The plus-size mystery in women’s fashion

Singer Beth Ditto models fashions by French designer Jean Paul Gaultier in the spring-summer 2011 show.
(Pierre Verdy / AFP / Getty Images)
Special to the Los Angeles Times

By the numbers it just doesn’t seem right. Nearly 65% of American women are overweight, according to the National Center for Health Statistics, and of those, more than 35% are obese. Yet most designer collections end at size 10. And on hundreds of high-fashion runways at international fashion weeks this month and last, ultra-slim models were wearing trendsetting designs that will never be manufactured in sizes to fit most American women.

In a time when retailers are struggling to turn a profit, the disconnect between fashion and reality is a puzzle. The fashion world’s emphasis on tall, thin and young women is frequently cited as contributing to poor self-esteem, anorexia and bias against the overweight.

What’s more, a key finding of a 2009 report by Mintel, an international consumer market research firm, found that plus-size shoppers, especially younger women, want fashions that match those sold in smaller sizes.

But that’s a big request with a small chance of success, experts say. The proportions, economics and aesthetics of plus-size fashion virtually guarantee that fashion — fashion of the trendsetting, desire-stoking, magazine-filling kind — will always favor the thin.


Creating stylish clothing for larger women isn’t as simple as making bigger sizes of existing styles, says Rosemary Brantley, chairwoman of fashion design at the Otis College of Art and Design.

“There are a lot of styles that won’t size up,” said Brantley, a designer and former model. Pattern makers can more easily enlarge or shrink proportions for sizes 0 to 10 because the body’s proportions expand in a more universal manner in the lower sizes.

“The human form is nothing but a bunch of curves,” Brantley said. “Those curves get very exaggerated as one gets bigger. The more exaggerated the curve, the more seaming, the more shaping, more darting, more fitting and more expense.”

Marshal Cohen, chief analyst for the NPD Group, a retail and consumer behavior research firm based in Port Washington, N.Y., puts it this way: “There is a very different science to the plus-size business. Half of what goes into the garment is different. Not all fabrics or techniques can translate to the plus-size customer.”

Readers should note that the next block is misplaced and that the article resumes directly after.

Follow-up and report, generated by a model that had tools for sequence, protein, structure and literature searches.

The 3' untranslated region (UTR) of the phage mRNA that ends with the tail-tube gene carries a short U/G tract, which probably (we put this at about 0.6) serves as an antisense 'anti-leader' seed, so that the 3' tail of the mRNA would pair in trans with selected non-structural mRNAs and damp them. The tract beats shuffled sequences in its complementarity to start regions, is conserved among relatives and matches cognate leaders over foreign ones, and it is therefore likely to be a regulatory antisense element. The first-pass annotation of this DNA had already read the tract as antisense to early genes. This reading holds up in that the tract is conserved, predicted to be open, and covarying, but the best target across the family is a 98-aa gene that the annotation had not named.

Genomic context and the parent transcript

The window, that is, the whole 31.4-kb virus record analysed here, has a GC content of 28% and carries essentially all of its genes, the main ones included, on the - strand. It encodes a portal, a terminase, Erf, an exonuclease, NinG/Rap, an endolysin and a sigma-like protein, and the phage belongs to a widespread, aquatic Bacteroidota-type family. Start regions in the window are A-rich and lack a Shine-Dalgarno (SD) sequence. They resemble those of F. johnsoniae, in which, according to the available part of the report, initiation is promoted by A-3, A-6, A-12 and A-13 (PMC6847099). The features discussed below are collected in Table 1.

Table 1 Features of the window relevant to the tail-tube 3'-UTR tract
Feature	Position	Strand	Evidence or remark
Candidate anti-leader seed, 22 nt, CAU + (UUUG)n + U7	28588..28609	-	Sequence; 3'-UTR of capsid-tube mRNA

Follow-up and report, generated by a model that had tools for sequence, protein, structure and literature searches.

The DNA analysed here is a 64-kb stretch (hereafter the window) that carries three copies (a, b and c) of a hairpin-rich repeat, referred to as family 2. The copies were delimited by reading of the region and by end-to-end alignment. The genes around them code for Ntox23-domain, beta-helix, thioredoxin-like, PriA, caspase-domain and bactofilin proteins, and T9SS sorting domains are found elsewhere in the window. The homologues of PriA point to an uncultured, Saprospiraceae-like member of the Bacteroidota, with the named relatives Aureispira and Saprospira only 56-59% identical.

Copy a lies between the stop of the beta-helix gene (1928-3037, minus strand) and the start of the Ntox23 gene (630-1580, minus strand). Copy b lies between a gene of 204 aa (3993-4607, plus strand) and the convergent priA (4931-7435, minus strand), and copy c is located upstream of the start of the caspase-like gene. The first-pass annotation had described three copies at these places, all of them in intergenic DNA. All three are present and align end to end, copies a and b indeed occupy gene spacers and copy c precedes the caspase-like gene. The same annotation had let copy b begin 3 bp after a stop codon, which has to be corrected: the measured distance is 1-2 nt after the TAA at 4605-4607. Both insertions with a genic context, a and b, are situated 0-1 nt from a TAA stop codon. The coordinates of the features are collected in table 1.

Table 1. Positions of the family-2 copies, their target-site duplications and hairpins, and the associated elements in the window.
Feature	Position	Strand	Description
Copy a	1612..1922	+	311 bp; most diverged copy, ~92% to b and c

Indeed, designers adept at making regular sizes often are not trained in techniques to maintain the correct fit and proportion of plus-size clothes.

The design process also requires larger mannequins and fit models on which to fine-tune samples, a significant investment of time and money for manufacturers or fashion schools.

Brantley and other fashion academics say design students have no interest in plus-size design, and as a result, few schools offer extensive courses in the specialty. To fit the multiple body proportions, retailers that cater to larger sizes often resort to carrying boxy, shapeless styles that accommodate a variety of body types.

In fashion classrooms and design studios, the human figure is proportioned to emphasize the clothing, not the body. Fashion illustrators traditionally use a body that is divided into nine or 10 sections, each the length of the head; the normal human body is seven to eight heads tall.


On the typical fashion figure, the distance from waist to knee is exaggerated and the legs are tremendously long, said Eddie Bledsoe, associate professor of fashion design and costume history at the Otis College of Art and Design.

“The stretched-out torso, defined waist and narrower hips ... make the clothes look and hang better,” he said. Further, a lean body with subdued curves allows the flat planes of most clothing to drape without interruption.

“That’s fashion. That’s high fashion,” Bledsoe said. “It’s for the social elite, the aristocracy. It’s not for the average person. That’s the difference between high fashion and consumer or mass fashion.”

Though runways and fashion editorials make clothes seem irresistibly glamorous, Bledsoe pointed out that “the fashion runway is art. It’s a show; it’s theater.” And those magazine images? They’re retouched, the clothes are pinned and altered, and the models aren’t wearing them to be comfortable.